I can probably count on less than one hand how many times I have respected Angelina Jolie. I have known her to be many things, actress, sex symbol, collector of children, raider of both tombs and Botox – but never a role model.
I was first alerted to her courageous decision by clicking on a link that said “Angelina Jolie has a double mastectomy”. Strangely my first thought didn’t go to cancer. Why would she share this information? Why should we care? Maybe she did it so her boobs will never get old and saggy? I figured it was just another stupid celebrity trick to keep herself in the spotlight.
When I read her article “My Medical Choice” in the New York Times, my opinion of her was amended and I did a literal slow clap. Her forthcoming and sincere recollections of her procedure and experience were something to be thankful for. Not only was it very informative, it also made me think of the decision I would make were I in the same situation.
For me, the decision would be easy.
If you are reading this blog regularly, you are probably already well aware of my experience with cancer. Long story short, I lost the love of my life to cancer in 2005. I was invincible back then. I was 23 years old, a new mom and there was no way that cancer was going to ruin my life. But it did.
Before then, I hardly knew what cancer was. Nobody I knew had cancer. I didn’t know anybody personally who had died from cancer. Cancer was just the people who had no hair on the TV to me. Even after I met R. and he was going through his treatments, it never really hit me that it was a serious thing. For years I thought he was going to live through it, and even when they told us he wouldn’t, I still thought he was going to survive. I thought that way up until the day we found him unresponsive (I used to be really tenacious).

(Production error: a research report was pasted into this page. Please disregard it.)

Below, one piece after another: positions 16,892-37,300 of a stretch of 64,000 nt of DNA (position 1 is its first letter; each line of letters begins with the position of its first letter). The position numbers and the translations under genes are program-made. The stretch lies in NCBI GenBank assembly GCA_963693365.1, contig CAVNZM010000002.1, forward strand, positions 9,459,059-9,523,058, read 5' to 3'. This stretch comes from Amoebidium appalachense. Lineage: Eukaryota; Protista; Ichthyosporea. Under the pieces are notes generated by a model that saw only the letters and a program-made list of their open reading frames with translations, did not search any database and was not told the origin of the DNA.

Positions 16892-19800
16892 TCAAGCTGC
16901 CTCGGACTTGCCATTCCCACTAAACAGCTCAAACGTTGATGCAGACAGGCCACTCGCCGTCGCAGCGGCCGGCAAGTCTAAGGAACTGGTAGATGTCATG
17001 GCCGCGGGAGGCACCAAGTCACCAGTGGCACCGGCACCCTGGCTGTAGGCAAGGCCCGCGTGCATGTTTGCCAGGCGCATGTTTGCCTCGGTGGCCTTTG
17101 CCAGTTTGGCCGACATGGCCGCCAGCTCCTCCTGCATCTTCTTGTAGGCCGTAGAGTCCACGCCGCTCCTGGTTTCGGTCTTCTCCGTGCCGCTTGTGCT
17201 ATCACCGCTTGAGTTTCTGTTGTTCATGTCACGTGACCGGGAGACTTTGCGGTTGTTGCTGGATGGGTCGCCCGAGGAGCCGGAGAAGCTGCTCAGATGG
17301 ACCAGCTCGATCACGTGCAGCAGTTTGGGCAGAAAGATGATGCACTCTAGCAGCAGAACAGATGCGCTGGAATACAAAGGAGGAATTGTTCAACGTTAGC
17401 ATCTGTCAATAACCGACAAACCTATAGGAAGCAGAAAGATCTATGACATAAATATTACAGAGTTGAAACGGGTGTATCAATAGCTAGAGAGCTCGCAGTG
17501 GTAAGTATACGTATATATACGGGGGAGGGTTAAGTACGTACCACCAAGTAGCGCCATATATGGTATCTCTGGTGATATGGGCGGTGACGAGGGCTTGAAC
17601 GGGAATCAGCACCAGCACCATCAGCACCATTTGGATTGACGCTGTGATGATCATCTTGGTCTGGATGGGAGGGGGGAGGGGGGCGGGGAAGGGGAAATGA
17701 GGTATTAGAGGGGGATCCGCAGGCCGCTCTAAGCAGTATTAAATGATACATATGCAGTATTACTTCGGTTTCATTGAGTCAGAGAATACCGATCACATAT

Having experienced that kind of loss (albeit not breast cancer), and being left as the only one to care for our child, I developed a fear of the disease.
I am not a beautiful actress. My breasts are not used for anything important. Even though they are possibly my greatest feature – as I was told by the inebriated guy at the bus stop a few years ago – I really wouldn’t miss having them hanging around(literally). If they stood between me and a long and healthy life with my son, then the choice for me has already been made.
Unfortunately, this decision is not always an easy one for all. The decision to have a double mastectomy is surely not one to be taken lightly. I think the most important message that Ms. Jolie is portraying to women everywhere is: “I Choose not to keep my story private because there are many women who do not know that they might be living under the shadow of cancer. It is my hope that they, too, will be able to get gene tested, and that if they have a high risk they, too, will know that they have strong options.”
Ms. Jolie closes with an important message to all: “Life comes with many challenges. The ones that should not scare us are the ones we can take on and take control of.”
I felt like this message was directed at me (as I’m sure many of us do). I devote way too much of my time being afraid of things I could potentially control.
The article is very inspirational. I urge you to read and to follow Angelina Jolie’s advice (Inever thought I would write that – ever).